Agile and eager
Agile and eager through winding hilly and country routes during test drive, the new Tucson’s compact size and larger footprint lend it a nippy maneuverability and confident road-holding. Benefiting from more linear torque delivery and precise on-center responsiveness, the new Tucson’s steering delivers better feel and feedback, while new rebound spring makes it more settled on sudden crests and dips
Tidily tucking into corners and diverting power to rear wheel through tight twists, the Tucson pulls out assertively. However at certain angles and inclines, one felt that closer second and third ratios or a slight power rise to existing 183BHP or 201BHP iterations of the same engine would lend it a sportier and urgent charisma.
One hopes that the newly formed N division might be looking into such possibilities, even if at the expense of efficiency for a hotter Tucson iteration. Nevertheless, the new Tucson 1.6 T-GDI is an accomplished and rewarding compact crossover, and benefits from improved front MacPherson strut and rear multi-link suspension design fir discernibly improved agility, body control and grip.
Refined and roomy
Stiffer and better insulated and quieter, the new Tucson is built using 51 per cent high strength steel content and benefits from 48 per cent enhanced torsional rigidity for better ride, handling and collision safety. Smooth, fluent, stable and refined riding on highway, B-roads and gravel and dirt roads, the Tucson also gets revised bushes for improved noise, vibration and harshness refinement.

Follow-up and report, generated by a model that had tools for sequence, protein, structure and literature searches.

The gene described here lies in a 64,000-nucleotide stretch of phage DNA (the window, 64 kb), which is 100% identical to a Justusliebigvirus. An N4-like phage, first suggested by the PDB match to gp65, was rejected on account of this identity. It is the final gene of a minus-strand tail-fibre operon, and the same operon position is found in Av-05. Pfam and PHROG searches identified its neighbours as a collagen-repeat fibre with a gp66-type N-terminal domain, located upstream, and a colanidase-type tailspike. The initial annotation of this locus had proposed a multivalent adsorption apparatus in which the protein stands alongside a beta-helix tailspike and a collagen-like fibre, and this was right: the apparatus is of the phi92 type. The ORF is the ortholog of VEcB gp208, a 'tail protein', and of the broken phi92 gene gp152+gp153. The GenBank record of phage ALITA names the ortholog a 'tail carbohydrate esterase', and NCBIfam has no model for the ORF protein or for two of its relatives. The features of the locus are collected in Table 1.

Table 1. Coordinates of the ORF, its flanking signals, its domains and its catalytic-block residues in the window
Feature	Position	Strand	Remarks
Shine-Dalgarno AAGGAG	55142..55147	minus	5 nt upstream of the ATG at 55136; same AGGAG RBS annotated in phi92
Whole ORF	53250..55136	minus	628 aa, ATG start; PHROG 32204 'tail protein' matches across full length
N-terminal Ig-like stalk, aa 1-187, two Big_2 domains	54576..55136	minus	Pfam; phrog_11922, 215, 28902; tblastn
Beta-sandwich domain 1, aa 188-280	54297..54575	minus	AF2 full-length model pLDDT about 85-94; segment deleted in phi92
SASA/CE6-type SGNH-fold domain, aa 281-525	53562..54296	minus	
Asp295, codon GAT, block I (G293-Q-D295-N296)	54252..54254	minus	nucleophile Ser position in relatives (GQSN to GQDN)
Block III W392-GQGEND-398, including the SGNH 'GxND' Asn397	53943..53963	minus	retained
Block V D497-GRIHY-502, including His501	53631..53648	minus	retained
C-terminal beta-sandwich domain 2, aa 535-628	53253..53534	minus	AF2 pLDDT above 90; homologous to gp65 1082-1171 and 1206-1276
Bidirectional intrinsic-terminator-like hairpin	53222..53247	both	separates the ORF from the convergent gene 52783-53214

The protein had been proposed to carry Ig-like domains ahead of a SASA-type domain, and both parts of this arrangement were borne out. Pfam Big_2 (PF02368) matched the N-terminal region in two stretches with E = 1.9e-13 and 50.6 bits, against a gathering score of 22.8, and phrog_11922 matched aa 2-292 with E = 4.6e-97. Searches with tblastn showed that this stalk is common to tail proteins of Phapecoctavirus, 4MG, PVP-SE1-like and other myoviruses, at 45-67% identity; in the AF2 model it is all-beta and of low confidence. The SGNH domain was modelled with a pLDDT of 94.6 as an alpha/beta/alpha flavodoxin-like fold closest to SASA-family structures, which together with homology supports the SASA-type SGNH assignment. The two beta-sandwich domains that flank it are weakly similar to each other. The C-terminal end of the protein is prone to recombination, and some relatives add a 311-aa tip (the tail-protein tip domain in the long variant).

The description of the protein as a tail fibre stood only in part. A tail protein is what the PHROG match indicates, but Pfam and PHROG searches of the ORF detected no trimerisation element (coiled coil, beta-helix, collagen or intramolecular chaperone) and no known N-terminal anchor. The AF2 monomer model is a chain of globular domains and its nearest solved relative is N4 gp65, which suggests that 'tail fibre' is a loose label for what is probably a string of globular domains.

Horizontal and symmetrical in design inside, the new Tucson cabin is noticeably improved in aesthetics, textures and ergonomics, and features an airy and up-market feel. Longer, wider and slightly lower, the new Tucson offers better cabin and 10 per cent improved cargo space including unexpectedly accommodating rear seats. Driving position is supportive, comfortable and alert, with ventilated 10-way adjustable driver’s seat.
Well-equipped, the new Tucson features an 8-inch non-reflective infotainment display with faster navigation system and key-detecting automatically opening powered tailgate among other features. In terms of safety, Hyundai expect to receive the maximum rating for 25 per cent front overlap crash safety. Technology features include automatic cruise control, Blind Spot Detection and front and rear parking assistance, and other systems.
Engine: 1.6-litre, transverse, turbocharged 4 cylinders
Bore x stroke: 77 x 85.44mm
Compression ratio: 10:1
Valve-train: 16-valve, DOHC, variable valve timing, direct injection
Gearbox: 7-speed dual clutch automated, four-wheel drive
Power, BHP (PS) [kW]: 175 (177)  @5500rpm
Specific power: 110BHP/litre
Torque, lb/ft (Nm): 195 (265) @1500-4500rpm
Specific torque: 166.5Nm/litre
0-100km/h: 9.1 seconds
Top speed: 201km/h
Fuel economy, urban / extra-urban / combined: 9.2- / 6.5- / 7.5 litres/100km
CO2 emissions, combined: 175g/km
Fuel capacity: 62 litres